A force-sensing microsurgical instrument that detects forces below human tactile sensation

Sarah Sunshine, Marcin Balicki, Xingchi He, Kevin Olds, Jin Kang, Peter Gehlbach, Russell H Taylor, Iulian Iordachita, James Handa

Research output: Contribution to journalArticle

Abstract

PURPOSE:: To test the sensitivity and reproducibility of a 25-gauge force-sensing micropick during microsurgical maneuvers that are below tactile sensation. METHODS:: Forces were measured during membrane peeling in a raw egg and the chick chorioallantoic membrane models (N = 12) of epiretinal membranes. Forces were also measured during posterior hyaloid detachment and creation of retinal tears during vitrectomy in live rabbits (n = 6). RESULTS:: With the raw egg model, 0.5 ± 0.4 mN of force was detected during membrane peeling. In the chorioallantoic membrane model, delaminating the upper membrane produced 2.8 ± 0.2 mN of force. While intentionally rupturing the lower membrane to simulate a retinal tear, 7.3 ± 0.5 mN (range, 5.1-9.2 mN; P <0.001) of force was generated while peeling the upper membrane. During vitrectomy, the minimum force that detached the posterior hyaloid was 6.7 ± 1.1 mN, which was similar to the force of 6.4 ± 1.4 mN that caused a retinal tear. The rate of force generation, as indicated by the first derivative of force generation, was 3.4 ± 1.2 mN/second during posterior hyaloid detachment, compared with 7.7 ± 2.4 mN/second during the creation of a retinal tear (P = 0.04). CONCLUSION:: Force-sensing microsurgical instruments can detect forces below tactile sensation, and importantly, they can distinguish the forces generated during normal maneuvers from those that cause a surgical complication.

Original languageEnglish (US)
Pages (from-to)200-206
Number of pages7
JournalRetina
Volume33
Issue number1
DOIs
StatePublished - Jan 2013

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Touch
Retinal Perforations
Membranes
Chorioallantoic Membrane
Vitrectomy
Ovum
Epiretinal Membrane
Rabbits

ASJC Scopus subject areas

  • Ophthalmology

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A force-sensing microsurgical instrument that detects forces below human tactile sensation. / Sunshine, Sarah; Balicki, Marcin; He, Xingchi; Olds, Kevin; Kang, Jin; Gehlbach, Peter; Taylor, Russell H; Iordachita, Iulian; Handa, James.

In: Retina, Vol. 33, No. 1, 01.2013, p. 200-206.

Research output: Contribution to journalArticle

Sunshine, Sarah ; Balicki, Marcin ; He, Xingchi ; Olds, Kevin ; Kang, Jin ; Gehlbach, Peter ; Taylor, Russell H ; Iordachita, Iulian ; Handa, James. / A force-sensing microsurgical instrument that detects forces below human tactile sensation. In: Retina. 2013 ; Vol. 33, No. 1. pp. 200-206.
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AU - Taylor, Russell H

AU - Iordachita, Iulian

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N2 - PURPOSE:: To test the sensitivity and reproducibility of a 25-gauge force-sensing micropick during microsurgical maneuvers that are below tactile sensation. METHODS:: Forces were measured during membrane peeling in a raw egg and the chick chorioallantoic membrane models (N = 12) of epiretinal membranes. Forces were also measured during posterior hyaloid detachment and creation of retinal tears during vitrectomy in live rabbits (n = 6). RESULTS:: With the raw egg model, 0.5 ± 0.4 mN of force was detected during membrane peeling. In the chorioallantoic membrane model, delaminating the upper membrane produced 2.8 ± 0.2 mN of force. While intentionally rupturing the lower membrane to simulate a retinal tear, 7.3 ± 0.5 mN (range, 5.1-9.2 mN; P <0.001) of force was generated while peeling the upper membrane. During vitrectomy, the minimum force that detached the posterior hyaloid was 6.7 ± 1.1 mN, which was similar to the force of 6.4 ± 1.4 mN that caused a retinal tear. The rate of force generation, as indicated by the first derivative of force generation, was 3.4 ± 1.2 mN/second during posterior hyaloid detachment, compared with 7.7 ± 2.4 mN/second during the creation of a retinal tear (P = 0.04). CONCLUSION:: Force-sensing microsurgical instruments can detect forces below tactile sensation, and importantly, they can distinguish the forces generated during normal maneuvers from those that cause a surgical complication.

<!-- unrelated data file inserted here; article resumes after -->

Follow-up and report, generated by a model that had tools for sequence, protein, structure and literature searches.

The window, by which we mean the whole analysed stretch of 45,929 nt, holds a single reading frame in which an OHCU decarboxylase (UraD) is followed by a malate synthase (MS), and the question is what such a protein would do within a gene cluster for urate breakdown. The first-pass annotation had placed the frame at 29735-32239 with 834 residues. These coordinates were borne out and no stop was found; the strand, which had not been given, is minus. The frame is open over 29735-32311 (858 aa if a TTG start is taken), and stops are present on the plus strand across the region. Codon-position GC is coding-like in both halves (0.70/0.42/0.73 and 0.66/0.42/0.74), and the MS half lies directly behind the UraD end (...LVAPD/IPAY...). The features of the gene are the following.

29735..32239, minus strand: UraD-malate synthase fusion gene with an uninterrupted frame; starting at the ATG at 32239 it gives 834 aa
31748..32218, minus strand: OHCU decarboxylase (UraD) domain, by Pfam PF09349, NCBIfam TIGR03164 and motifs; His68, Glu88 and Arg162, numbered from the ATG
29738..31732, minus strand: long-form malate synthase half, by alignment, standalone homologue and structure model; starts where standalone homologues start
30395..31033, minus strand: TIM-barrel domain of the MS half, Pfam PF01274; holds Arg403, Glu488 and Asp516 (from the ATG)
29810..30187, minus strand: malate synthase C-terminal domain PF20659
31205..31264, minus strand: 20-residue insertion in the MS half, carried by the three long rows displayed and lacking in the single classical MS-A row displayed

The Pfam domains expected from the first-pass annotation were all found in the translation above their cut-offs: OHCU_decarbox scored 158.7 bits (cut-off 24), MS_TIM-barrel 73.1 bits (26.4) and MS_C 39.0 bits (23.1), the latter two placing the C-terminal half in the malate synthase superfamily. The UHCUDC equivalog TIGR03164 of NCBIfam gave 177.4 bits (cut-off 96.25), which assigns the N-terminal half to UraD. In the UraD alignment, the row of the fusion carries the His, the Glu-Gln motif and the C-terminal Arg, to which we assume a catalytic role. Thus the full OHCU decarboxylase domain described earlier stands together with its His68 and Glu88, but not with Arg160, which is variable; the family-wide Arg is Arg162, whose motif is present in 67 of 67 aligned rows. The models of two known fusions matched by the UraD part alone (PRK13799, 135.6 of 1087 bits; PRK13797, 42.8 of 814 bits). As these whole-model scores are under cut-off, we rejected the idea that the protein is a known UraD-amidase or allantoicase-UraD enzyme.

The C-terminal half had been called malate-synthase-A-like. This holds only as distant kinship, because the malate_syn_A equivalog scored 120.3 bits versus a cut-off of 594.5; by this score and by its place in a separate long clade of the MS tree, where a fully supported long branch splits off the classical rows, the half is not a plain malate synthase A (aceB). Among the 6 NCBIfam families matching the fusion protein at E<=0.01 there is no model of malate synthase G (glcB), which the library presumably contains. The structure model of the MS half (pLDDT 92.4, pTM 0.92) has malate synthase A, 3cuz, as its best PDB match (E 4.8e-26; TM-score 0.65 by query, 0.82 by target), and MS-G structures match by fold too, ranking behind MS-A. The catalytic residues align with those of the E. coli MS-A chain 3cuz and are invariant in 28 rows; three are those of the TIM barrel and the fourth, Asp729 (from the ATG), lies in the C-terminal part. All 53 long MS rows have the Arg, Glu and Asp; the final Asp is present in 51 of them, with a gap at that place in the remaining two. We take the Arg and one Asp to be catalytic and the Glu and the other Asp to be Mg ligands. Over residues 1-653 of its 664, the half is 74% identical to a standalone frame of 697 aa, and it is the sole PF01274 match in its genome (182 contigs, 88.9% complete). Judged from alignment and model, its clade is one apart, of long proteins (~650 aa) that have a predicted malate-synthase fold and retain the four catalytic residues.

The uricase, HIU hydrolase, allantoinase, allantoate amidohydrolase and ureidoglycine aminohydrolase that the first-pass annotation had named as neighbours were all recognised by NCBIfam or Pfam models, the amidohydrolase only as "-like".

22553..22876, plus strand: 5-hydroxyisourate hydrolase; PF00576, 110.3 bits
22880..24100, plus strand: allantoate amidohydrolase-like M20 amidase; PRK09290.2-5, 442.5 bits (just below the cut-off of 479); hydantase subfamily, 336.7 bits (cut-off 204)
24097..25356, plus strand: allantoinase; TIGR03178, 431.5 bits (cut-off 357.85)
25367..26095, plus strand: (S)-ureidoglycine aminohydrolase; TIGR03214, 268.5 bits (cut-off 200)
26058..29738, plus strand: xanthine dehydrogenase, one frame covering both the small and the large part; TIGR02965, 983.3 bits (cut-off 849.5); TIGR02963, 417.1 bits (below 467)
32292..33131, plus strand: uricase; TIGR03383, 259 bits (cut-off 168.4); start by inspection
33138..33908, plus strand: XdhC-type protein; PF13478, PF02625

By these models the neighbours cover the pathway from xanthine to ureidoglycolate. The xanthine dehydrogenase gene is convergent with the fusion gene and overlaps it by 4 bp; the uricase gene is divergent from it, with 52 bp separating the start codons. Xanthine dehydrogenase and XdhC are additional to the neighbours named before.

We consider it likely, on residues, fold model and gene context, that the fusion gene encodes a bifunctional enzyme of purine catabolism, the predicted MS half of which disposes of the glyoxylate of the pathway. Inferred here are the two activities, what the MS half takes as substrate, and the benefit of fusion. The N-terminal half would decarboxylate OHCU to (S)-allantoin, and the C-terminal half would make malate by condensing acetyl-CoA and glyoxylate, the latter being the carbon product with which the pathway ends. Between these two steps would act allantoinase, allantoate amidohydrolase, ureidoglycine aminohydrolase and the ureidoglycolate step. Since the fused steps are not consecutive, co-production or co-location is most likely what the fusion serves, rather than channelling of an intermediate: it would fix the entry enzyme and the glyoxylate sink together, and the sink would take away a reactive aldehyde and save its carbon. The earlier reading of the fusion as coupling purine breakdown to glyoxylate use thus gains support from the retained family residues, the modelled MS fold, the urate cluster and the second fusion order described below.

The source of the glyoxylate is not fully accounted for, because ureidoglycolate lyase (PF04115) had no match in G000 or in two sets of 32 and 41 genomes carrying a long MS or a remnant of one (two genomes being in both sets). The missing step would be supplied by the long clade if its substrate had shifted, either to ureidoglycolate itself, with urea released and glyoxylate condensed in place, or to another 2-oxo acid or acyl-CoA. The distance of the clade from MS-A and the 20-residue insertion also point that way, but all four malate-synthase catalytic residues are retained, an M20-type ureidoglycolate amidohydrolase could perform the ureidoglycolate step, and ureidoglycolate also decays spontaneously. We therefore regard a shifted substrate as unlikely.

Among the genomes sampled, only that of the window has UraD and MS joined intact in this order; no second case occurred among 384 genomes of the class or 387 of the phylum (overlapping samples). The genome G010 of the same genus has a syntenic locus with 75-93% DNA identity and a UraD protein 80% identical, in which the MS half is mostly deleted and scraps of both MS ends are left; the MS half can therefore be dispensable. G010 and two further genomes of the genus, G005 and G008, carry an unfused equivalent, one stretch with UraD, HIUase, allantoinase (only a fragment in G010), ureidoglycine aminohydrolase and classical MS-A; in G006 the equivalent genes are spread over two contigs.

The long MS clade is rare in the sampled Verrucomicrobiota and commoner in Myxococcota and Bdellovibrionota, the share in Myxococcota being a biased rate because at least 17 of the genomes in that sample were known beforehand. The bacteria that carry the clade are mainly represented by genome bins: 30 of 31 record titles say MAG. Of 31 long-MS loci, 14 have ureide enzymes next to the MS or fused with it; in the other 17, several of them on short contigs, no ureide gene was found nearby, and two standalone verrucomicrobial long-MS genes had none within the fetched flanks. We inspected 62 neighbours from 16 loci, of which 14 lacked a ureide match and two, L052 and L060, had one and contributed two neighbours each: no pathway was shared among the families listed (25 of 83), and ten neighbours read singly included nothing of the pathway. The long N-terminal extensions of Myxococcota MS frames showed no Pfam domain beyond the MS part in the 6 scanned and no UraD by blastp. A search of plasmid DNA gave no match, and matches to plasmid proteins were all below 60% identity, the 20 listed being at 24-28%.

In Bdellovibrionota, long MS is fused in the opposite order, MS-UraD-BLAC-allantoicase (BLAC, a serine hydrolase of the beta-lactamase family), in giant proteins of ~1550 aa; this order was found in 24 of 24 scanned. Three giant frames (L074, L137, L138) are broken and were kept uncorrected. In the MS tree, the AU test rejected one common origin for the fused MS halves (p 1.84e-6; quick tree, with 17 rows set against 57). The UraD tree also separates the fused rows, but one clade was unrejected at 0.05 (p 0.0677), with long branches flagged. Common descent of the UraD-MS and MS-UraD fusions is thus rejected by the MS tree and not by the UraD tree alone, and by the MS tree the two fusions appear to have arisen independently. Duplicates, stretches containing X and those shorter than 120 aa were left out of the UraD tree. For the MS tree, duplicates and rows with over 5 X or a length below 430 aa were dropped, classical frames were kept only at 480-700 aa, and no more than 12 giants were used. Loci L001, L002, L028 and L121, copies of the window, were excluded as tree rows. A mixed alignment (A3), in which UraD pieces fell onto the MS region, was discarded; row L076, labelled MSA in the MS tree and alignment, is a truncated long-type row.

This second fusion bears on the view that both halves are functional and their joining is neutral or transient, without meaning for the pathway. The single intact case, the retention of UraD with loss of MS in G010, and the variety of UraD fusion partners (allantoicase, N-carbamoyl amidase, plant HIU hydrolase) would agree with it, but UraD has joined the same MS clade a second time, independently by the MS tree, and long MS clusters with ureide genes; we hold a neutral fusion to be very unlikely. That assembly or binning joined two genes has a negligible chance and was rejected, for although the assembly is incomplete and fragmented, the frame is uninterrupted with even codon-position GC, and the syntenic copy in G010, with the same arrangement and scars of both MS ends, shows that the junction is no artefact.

AB - PURPOSE:: To test the sensitivity and reproducibility of a 25-gauge force-sensing micropick during microsurgical maneuvers that are below tactile sensation. METHODS:: Forces were measured during membrane peeling in a raw egg and the chick chorioallantoic membrane models (N = 12) of epiretinal membranes. Forces were also measured during posterior hyaloid detachment and creation of retinal tears during vitrectomy in live rabbits (n = 6). RESULTS:: With the raw egg model, 0.5 ± 0.4 mN of force was detected during membrane peeling. In the chorioallantoic membrane model, delaminating the upper membrane produced 2.8 ± 0.2 mN of force. While intentionally rupturing the lower membrane to simulate a retinal tear, 7.3 ± 0.5 mN (range, 5.1-9.2 mN; P <0.001) of force was generated while peeling the upper membrane. During vitrectomy, the minimum force that detached the posterior hyaloid was 6.7 ± 1.1 mN, which was similar to the force of 6.4 ± 1.4 mN that caused a retinal tear. The rate of force generation, as indicated by the first derivative of force generation, was 3.4 ± 1.2 mN/second during posterior hyaloid detachment, compared with 7.7 ± 2.4 mN/second during the creation of a retinal tear (P = 0.04). CONCLUSION:: Force-sensing microsurgical instruments can detect forces below tactile sensation, and importantly, they can distinguish the forces generated during normal maneuvers from those that cause a surgical complication.

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